US Secretary of State Antony Blinken has reiterated that there has to be "some kind of political settlement in Afghanistan" and that it should be done by Afghans themselves.
“It was also very important to try to accelerate the diplomacy because ultimately everyone recognizes that there is no military solution to Afghanistan,” Blinken said in an interview with CNN.
He said that the US and NATO have been clear on their approach towards Afghanistan.
“We went in together, we’ve adapted to circumstances together and we will come out together when the time is right,” he said.
“One of the things that was important was not only to share our thinking as we’re going through this review, including the May 1 deadline but to listen, to hear from our partners who are so invested: their ideas, their thoughts, their analysis,” Blinken said.
While the US agreed to a May 1 withdrawal deadline as part of a diplomatic agreement reached with the Taliban last year, President Joe Biden said at a Wednesday press conference that the date would be “hard to meet” for “tactical reasons”.
In response to Biden’s statement, the Taliban in a statement on Friday warned that delay in American forces' presence in the country will be seen as the violation of the Doha agreement and that all future responsibility for the continuation of violence will be on those who violate the deal.
The Taliban said they remain committed to the agreement, calling on the US to stay committed to the deal and avoid wasting this historic opportunity "for flawed advice and incitement by warmongering circles."
Turkey Conference 'Unique Opportunity' for Peace
Abdullah Abdullah, head of the High Council for National Reconciliation, said that the upcoming conference in Turkey is a unique opportunity for peace and that he hopes it will help form an agreement on ceasefire in the country.
Abdullah, who was in France this weekend, said in an interview with France 24 that he hopes all sides will take advantage of the opportunity provided by the conference.
“My hope is, my desire is, that we make maximum use of every opportunity which is there. Turkey will be a unique opportunity after quite a while, but it depends on both sides. I cannot call all the shots,” Abdullah said. “As far as our delegation which will participate ... they will go with the firm resolve to contribute to the success of that process so the Turkey meeting will be considered a big step forward,” Abdullah said in the interview.
Abdullah said that the US-proposed peace draft has been shared with Afghan leaders and that he has not rejected the idea of a participatory setup.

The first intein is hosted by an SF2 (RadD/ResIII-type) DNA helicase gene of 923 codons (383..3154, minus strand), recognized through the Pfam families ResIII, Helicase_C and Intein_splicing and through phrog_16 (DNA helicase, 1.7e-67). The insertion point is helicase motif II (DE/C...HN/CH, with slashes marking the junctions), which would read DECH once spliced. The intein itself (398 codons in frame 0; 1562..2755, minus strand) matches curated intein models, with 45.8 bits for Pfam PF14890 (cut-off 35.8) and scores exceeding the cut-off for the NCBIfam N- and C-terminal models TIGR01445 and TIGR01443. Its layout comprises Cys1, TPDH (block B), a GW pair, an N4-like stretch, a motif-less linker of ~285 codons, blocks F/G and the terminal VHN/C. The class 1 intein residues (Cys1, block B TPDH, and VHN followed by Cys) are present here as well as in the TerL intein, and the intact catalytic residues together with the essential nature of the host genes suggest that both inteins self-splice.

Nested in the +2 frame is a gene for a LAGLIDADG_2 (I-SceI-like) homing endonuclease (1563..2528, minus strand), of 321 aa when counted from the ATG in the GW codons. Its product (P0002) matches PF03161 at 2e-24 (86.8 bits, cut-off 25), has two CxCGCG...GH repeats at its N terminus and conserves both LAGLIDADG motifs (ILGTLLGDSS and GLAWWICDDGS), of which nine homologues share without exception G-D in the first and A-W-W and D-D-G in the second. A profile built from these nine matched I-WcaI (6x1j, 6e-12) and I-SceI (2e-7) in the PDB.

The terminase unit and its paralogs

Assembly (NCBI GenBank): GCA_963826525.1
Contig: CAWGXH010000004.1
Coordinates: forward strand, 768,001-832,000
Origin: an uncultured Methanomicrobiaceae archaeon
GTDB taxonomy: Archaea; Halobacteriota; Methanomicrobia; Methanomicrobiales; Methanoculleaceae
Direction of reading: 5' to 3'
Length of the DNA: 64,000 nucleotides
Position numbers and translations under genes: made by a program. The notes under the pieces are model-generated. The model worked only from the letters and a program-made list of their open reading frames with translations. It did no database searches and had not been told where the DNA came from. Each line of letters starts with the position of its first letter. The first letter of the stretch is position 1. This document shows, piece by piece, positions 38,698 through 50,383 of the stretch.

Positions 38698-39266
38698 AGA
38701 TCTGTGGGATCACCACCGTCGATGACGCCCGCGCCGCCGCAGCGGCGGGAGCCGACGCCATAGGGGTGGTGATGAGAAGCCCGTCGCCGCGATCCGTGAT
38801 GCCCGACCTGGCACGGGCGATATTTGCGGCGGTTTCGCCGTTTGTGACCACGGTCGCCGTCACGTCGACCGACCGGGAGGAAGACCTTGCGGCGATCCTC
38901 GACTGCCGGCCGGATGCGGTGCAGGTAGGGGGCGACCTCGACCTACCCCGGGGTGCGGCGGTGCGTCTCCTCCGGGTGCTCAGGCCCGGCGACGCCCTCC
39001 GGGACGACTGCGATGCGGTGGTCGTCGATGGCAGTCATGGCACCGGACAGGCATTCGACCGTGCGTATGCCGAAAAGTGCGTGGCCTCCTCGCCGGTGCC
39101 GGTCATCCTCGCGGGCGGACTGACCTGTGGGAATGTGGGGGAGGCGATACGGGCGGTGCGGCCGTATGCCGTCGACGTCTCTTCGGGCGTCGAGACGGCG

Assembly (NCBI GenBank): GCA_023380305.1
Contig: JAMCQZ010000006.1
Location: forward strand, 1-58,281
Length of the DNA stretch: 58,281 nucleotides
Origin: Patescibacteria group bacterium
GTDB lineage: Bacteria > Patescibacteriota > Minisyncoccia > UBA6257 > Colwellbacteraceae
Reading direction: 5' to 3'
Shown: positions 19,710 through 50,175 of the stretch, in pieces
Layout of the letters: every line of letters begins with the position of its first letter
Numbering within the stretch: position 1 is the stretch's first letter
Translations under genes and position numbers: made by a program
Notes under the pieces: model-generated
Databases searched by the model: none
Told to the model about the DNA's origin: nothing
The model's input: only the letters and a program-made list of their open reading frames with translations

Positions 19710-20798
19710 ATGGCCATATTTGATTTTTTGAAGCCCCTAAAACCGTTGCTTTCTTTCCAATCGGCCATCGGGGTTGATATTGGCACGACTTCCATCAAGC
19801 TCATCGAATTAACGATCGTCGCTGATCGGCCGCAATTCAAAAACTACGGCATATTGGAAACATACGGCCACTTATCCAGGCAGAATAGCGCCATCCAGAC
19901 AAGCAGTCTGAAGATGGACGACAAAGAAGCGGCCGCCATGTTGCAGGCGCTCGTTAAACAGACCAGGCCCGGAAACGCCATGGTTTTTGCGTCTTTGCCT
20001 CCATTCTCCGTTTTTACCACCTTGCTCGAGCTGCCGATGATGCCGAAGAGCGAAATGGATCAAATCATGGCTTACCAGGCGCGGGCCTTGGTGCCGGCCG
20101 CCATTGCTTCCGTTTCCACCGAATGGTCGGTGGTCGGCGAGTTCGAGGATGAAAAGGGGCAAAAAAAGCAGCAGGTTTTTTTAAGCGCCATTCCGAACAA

“We have not rejected the idea of power-sharing arrangement. We are ready to talk about it. And the next proposal, whether it is acceptable to the Taliban or not, of course, remains to be seen. And if Taliban agree for early elections, we’re ready for that,” Abdullah said.
This comes as US special envoy Zalmay Khalilzad has departed for Turkey--and the region--in a push to encourage Afghan parties to accelerate negotiations to end the conflict in the country, the US State Department said on Saturday as quoted by Reuters.
“Khalilzad is busy on trips to make the Turkey conference fruitful for Afghanistan, the US and the World,” said Wais Naseri, an international affairs analyst.
The Turkey conference is expected to be held in early April. So far, the Afghan government and the Taliban have not stated who will represent them at the summit.
'Hasty Withdrawal Could Trigger Civil war'
On Saturday, the National Security Adviser Hamdullah Mohib warned that Afghanistan could slide into a civil war if the US withdraws its forces without a peace agreement.
He reiterated that the Taliban will not succeed to take over the power through military pressure and war.
The Taliban’s negotiators so far have not offered any roadmap for peace and that they do not have the authority to decide on war and peace, Mohib said.
“If the Taliban feels that there will be chaos here and they will achieve power, this is their miscalculations because no one supports the return of the Taliban,” Mohib added.
Referring to the upcoming UN-led conference on Afghanistan in Turkey, Mohib said that the conference will not yield an outcome unless it is attended by an authorized Taliban delegation that has the decision-making authority.
US intelligence agencies have told the Biden administration that the Taliban could overrun most of Afghanistan within two to three years if US troops leave before a power-sharing deal is reached between the warring sides, a news report said on Friday.
Such a takeover potentially would allow al Qaeda to rebuild in Afghanistan, the New York Times reported, quoting anonymous US officials.